The decision to think qualities of an object as acts or doings rather than as possessions, along with onticology's rejection of the thesis that the mug has blue power rather than coloring power, is motivated by two interrelated concerns. First, qualities are acts on the part of objects precisely because qualities vary. If it is inaccurate to suggest that the mug is blue, then this is because the mug is a variety of different colors as a function of the exo-relations with light the mug enters into. As I look at the mug under the warm light of my desktop lamp, it is now a very dark, deep, flat blue. Now I open the shade to my office window, allowing sunlight to stream in. The mug becomes a brilliant, bright, shiny blue. Sharing a romantic moment with my coffee mug by candlelight, the colors are deep and rich as they were under my office light, but now the blue flickers and dances in response to the shifting intensity of the candle flame. And finally, I blow out the candle and the mug becomes black.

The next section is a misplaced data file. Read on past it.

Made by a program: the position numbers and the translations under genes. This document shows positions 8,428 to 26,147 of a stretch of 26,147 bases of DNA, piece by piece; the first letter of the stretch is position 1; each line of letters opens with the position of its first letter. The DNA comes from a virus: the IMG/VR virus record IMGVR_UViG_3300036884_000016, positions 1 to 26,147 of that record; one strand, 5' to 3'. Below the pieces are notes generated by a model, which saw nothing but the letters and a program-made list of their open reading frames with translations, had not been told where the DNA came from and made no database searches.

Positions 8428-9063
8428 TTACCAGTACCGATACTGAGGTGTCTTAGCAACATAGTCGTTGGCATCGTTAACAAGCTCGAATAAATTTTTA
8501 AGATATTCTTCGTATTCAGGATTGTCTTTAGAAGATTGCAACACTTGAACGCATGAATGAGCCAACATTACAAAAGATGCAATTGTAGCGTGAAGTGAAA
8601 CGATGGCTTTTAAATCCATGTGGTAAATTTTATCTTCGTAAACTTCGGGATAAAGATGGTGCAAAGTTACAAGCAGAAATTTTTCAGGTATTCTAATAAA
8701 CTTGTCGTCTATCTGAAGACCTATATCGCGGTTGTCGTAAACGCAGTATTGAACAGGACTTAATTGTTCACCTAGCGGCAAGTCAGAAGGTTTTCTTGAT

Here there are a couple of points worth making. First, in pointing to the manner in which the qualities of the mug change, I am not making the claim that these qualities are unreal or that the mug is truly one shade of blue and that these other shades are distortions or deviations from the mug’s true color. Rather, these qualities of the mug are entirely real and the mug is all these colors. Indeed, we can say that in principle the mug is potentially an infinite number of colors because there is no limit to the exo-relations into which the mug can enter. Consequently, we cannot say that we would finally get the true being of the mug by adding up all the qualities that it actualizes. The being of the mug is not the sum of its qualities, but rather qualities are unique events that a substance produces.